# 1.1.1.4. Formatting Conventions¶

Before studying any encryption methods, it will be helpful to understand the formatting conventions that will be used in the course. Plaintext will be typed in lowercase monospaced letters, ciphertext will be typed in UPPERCASE MONOSPACED LETTERS, and keys will be typed in UPPERCASE MONOSPACE ITALICS.

Text Type

Formatting

Plaintext

the urge to discover secrets

Key

3

Ciphertext

WKH XUJH WR GLVFRYHU VHFUHWV

Monospaced fonts are helpful to keep text spaced uniformly so letters on different lines line up underneath each other. Uniform spacing and text alignment are helpful when looking for patterns in ciphertext. Additionally, programming environments always use monospaced fonts to keep your computer code tidy and make it easy to reference rows and character positions in the code.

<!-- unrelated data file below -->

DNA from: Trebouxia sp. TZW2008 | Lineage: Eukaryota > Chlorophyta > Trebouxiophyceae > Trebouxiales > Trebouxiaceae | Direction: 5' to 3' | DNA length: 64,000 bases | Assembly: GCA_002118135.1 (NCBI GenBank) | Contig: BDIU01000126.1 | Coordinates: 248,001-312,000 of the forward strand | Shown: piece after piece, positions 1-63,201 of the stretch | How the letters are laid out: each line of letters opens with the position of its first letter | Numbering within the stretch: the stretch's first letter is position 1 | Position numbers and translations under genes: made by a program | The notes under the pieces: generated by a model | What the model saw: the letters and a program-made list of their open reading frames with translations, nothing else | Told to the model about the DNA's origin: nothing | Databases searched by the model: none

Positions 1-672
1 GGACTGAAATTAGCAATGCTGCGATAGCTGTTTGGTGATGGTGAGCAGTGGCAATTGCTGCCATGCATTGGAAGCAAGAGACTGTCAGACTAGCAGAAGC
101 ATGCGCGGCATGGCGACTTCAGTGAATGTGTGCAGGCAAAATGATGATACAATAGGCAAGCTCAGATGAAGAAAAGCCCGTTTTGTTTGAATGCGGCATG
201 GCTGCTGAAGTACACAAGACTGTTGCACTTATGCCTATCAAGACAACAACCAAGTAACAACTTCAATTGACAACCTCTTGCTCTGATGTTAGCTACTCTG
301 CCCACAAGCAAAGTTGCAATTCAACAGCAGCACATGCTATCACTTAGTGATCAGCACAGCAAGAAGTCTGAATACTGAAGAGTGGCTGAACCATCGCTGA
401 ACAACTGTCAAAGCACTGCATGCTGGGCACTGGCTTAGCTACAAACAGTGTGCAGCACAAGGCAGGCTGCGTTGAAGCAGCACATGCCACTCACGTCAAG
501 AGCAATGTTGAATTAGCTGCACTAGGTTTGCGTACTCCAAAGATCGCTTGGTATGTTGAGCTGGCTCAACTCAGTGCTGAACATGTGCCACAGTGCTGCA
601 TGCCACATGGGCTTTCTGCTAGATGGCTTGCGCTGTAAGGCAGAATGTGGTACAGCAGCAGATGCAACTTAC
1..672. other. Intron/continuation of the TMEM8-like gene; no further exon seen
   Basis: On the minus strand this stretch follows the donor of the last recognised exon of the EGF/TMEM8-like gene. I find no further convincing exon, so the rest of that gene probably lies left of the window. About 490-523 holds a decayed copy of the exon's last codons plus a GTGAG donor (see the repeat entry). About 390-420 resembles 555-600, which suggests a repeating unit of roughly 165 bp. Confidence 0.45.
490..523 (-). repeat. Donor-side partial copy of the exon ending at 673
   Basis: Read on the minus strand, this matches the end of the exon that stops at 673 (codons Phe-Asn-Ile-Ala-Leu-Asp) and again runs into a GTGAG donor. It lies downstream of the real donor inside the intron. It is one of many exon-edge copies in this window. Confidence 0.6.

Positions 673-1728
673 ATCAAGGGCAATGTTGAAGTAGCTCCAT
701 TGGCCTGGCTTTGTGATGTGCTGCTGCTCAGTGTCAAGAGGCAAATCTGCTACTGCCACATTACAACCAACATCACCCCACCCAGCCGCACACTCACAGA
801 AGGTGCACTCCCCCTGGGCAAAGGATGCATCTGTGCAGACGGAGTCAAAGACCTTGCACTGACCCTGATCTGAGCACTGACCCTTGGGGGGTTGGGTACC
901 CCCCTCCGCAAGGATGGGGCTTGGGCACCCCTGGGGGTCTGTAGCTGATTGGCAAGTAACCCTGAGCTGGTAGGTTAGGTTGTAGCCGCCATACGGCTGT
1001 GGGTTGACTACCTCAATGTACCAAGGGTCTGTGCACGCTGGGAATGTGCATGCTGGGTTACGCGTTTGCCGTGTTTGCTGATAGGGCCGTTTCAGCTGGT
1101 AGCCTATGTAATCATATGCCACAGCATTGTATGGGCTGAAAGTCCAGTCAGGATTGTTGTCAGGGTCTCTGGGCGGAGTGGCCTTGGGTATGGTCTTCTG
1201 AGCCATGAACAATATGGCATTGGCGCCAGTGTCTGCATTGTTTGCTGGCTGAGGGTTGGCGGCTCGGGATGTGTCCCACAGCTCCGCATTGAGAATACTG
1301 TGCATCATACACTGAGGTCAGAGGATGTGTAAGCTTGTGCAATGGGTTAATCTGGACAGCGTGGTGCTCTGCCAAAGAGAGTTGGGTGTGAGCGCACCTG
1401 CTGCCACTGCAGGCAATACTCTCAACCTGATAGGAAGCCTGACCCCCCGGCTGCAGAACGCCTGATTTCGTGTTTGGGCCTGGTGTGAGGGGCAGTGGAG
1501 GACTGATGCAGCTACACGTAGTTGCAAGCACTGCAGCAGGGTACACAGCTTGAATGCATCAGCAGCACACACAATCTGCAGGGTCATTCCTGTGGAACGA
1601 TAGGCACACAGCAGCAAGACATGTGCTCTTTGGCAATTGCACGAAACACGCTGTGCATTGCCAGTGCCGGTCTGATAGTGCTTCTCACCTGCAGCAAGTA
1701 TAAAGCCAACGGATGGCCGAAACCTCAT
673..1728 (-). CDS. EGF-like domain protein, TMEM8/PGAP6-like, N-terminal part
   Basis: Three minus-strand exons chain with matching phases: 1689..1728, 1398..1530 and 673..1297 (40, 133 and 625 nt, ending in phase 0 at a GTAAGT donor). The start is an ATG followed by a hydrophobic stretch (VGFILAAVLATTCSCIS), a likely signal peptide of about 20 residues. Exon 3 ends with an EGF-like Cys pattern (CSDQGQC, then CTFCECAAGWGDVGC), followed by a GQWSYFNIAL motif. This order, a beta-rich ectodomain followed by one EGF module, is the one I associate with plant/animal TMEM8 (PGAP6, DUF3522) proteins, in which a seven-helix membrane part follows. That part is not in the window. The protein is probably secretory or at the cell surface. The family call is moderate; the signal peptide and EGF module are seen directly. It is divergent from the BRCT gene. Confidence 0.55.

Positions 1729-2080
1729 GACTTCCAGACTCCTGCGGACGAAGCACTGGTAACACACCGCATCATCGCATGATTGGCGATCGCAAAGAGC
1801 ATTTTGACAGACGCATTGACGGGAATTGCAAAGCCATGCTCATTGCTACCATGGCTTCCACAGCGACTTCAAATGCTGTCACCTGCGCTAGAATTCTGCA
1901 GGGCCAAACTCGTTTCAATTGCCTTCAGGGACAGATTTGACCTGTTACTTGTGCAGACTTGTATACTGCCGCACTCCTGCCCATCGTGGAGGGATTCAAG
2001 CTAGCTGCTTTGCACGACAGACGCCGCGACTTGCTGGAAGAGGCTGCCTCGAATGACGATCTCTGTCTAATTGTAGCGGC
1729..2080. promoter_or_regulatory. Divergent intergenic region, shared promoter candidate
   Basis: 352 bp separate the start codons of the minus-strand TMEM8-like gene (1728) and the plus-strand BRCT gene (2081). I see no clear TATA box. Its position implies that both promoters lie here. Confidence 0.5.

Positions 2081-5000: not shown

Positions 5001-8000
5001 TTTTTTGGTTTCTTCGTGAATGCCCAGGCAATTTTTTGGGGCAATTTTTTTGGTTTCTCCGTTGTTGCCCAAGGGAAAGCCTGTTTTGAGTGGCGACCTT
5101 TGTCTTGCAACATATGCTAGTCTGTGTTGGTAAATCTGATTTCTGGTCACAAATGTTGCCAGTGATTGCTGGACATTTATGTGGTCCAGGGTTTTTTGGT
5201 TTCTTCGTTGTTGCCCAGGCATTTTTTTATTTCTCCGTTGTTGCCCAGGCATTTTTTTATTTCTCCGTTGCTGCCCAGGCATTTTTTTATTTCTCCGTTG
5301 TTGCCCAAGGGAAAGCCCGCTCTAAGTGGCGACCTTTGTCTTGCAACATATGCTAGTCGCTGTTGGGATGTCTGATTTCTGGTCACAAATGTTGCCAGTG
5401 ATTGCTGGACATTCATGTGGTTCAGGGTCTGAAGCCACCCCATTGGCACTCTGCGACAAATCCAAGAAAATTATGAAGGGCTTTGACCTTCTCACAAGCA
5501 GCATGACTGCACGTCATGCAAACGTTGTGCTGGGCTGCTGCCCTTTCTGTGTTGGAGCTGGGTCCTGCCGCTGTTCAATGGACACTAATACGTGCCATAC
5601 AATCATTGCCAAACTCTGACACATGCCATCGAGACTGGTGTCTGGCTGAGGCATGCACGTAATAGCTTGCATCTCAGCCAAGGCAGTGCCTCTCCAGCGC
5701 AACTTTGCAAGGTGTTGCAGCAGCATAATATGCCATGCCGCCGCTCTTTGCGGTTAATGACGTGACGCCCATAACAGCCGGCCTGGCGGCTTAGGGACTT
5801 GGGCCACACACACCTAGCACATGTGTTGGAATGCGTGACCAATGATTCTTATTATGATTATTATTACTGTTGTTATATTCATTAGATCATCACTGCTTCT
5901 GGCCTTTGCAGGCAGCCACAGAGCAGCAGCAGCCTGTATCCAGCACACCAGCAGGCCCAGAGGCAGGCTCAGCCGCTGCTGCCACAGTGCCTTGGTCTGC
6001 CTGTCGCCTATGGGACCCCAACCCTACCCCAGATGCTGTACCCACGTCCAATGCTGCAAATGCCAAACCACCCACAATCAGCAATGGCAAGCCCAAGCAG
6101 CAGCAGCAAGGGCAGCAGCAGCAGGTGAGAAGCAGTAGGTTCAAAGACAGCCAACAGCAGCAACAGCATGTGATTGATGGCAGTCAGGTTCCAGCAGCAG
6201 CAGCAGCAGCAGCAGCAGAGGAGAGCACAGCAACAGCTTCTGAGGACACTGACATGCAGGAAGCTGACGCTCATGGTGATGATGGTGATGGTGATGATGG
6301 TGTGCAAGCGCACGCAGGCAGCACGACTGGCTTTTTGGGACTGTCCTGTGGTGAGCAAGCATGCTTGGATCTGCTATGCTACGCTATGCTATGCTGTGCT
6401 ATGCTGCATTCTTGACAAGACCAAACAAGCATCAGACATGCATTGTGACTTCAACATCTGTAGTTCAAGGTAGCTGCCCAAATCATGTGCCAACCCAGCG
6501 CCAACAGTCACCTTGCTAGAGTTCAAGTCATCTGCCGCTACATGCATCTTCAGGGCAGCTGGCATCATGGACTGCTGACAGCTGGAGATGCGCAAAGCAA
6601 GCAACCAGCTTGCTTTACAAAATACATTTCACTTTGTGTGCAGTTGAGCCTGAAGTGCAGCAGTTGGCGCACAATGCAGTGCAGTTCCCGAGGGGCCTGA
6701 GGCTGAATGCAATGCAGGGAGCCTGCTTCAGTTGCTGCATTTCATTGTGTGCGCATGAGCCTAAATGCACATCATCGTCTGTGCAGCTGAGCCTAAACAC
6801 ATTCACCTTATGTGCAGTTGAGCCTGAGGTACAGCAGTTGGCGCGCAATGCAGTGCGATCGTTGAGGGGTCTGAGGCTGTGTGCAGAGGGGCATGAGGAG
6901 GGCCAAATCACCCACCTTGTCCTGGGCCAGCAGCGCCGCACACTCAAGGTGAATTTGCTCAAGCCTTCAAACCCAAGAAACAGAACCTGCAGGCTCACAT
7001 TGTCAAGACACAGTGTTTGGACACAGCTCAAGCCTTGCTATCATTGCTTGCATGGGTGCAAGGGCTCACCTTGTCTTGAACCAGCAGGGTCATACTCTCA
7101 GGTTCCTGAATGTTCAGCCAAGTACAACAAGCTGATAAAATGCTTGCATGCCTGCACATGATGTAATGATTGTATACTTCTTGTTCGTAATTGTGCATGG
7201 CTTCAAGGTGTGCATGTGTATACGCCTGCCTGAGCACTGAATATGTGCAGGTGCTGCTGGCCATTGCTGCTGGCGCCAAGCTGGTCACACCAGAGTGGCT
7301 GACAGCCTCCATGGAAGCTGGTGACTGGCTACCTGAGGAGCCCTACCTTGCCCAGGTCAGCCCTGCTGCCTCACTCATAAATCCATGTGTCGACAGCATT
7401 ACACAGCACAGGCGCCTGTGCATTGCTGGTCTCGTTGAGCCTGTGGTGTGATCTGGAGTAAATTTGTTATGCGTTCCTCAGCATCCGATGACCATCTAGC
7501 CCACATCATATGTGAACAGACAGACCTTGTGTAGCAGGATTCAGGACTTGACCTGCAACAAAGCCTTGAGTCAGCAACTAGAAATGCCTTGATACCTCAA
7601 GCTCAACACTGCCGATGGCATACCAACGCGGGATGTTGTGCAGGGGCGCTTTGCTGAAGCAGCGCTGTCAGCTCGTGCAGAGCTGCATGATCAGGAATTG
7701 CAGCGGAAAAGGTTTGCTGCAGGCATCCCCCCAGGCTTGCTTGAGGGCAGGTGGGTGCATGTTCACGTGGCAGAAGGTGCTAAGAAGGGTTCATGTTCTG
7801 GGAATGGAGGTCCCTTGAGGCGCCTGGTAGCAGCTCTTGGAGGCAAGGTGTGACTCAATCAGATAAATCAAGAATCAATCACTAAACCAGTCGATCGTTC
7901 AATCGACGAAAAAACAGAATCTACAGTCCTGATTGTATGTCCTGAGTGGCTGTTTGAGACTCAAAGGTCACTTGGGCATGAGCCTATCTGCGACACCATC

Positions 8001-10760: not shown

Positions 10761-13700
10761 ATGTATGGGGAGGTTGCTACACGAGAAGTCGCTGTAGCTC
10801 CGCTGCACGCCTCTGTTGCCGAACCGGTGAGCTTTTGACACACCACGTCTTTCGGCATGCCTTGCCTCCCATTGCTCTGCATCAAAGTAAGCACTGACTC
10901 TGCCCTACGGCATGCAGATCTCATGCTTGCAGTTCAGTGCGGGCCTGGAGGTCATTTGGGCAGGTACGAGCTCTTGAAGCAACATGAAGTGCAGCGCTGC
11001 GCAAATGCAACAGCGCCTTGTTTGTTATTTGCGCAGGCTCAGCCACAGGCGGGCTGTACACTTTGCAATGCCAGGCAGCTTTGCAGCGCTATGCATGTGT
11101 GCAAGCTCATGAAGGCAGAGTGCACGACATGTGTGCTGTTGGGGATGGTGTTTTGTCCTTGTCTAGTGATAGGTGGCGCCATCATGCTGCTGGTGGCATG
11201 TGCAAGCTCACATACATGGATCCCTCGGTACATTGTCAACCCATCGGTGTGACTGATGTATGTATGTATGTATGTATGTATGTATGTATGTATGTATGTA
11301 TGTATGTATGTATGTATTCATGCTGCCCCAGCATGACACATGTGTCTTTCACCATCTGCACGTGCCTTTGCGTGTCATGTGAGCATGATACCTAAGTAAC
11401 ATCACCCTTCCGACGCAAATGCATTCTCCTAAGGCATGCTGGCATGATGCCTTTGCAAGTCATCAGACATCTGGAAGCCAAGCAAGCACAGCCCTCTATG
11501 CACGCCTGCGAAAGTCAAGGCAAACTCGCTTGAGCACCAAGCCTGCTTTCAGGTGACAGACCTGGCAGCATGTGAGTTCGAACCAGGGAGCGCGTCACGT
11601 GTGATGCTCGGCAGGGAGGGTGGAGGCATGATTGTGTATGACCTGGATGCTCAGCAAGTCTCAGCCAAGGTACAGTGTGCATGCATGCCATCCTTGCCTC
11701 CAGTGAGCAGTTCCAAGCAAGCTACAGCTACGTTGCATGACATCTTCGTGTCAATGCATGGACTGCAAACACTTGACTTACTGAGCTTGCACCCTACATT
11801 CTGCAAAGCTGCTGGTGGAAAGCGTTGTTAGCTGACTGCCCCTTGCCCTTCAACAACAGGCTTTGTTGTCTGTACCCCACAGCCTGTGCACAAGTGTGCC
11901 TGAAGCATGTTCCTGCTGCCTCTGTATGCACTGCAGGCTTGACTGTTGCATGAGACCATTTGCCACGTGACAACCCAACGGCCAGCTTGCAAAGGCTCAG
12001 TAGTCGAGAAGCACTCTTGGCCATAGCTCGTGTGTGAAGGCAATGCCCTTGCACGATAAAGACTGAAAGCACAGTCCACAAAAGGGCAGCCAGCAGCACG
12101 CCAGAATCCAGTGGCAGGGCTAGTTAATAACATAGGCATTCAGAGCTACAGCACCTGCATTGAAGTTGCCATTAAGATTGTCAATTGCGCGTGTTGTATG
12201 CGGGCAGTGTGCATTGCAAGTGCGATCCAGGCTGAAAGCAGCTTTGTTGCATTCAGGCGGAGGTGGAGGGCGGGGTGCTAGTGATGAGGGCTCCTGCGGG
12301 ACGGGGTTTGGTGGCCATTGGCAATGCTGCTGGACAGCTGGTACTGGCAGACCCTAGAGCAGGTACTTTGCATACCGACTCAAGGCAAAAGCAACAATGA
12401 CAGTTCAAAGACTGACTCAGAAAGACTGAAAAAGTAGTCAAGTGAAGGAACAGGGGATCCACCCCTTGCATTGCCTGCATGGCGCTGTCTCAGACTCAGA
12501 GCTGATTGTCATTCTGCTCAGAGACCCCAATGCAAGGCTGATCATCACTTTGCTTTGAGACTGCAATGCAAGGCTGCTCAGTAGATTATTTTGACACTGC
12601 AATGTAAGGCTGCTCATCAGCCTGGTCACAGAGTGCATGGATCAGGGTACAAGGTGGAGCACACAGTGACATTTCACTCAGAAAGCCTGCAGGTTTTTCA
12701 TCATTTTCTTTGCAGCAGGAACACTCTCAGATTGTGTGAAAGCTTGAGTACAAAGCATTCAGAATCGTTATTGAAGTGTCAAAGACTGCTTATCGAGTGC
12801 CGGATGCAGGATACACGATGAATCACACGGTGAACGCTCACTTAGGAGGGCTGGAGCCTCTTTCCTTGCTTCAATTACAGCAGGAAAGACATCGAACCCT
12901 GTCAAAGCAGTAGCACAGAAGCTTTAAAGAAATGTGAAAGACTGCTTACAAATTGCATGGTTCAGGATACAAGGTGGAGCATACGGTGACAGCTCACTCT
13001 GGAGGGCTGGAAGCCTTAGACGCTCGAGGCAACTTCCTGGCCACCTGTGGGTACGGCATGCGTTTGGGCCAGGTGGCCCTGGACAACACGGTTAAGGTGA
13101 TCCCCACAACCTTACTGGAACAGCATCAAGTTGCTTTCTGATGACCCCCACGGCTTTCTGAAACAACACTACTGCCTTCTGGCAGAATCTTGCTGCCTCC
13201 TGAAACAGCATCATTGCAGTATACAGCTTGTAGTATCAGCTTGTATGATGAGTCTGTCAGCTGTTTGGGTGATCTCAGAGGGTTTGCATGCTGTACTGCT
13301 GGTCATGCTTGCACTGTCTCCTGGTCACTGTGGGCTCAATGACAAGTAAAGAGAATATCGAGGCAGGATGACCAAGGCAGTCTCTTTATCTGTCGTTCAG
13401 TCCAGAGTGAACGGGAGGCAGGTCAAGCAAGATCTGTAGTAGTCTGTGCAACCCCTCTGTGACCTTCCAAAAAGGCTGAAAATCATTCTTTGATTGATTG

Some common Monospaced fonts on your computer are: Courier New, Source Code Pro, Monaco, and Menlo.

You may have noticed in the opening activity that knowing the number of letters in each word was incredibly valuable when analyzing ciphertext. The sender of a message can improve the security of encrypted text by grouping letters into blocks of 5. The result is a ciphertext that removes all information about the length of the words in the message. This should be considered standard practice for ciphers in this course. Notice that this technique requires the recipient to correctly space out the message after decryption, but this can normally be done relatively easily by identifying words in the unspaced plaintext.

For Example:

Text Type

Formatting

Plaintext

the urge to discover secrets

Ciphertext

WKH XUJH WR GLVFRYHU VHFUHWV

Ciphertext (blocked)

WKHXU JHWRG LVFRY HUVHF UHWV

Deciphered Plaintext (blocked)

theur getod iscov ersec rets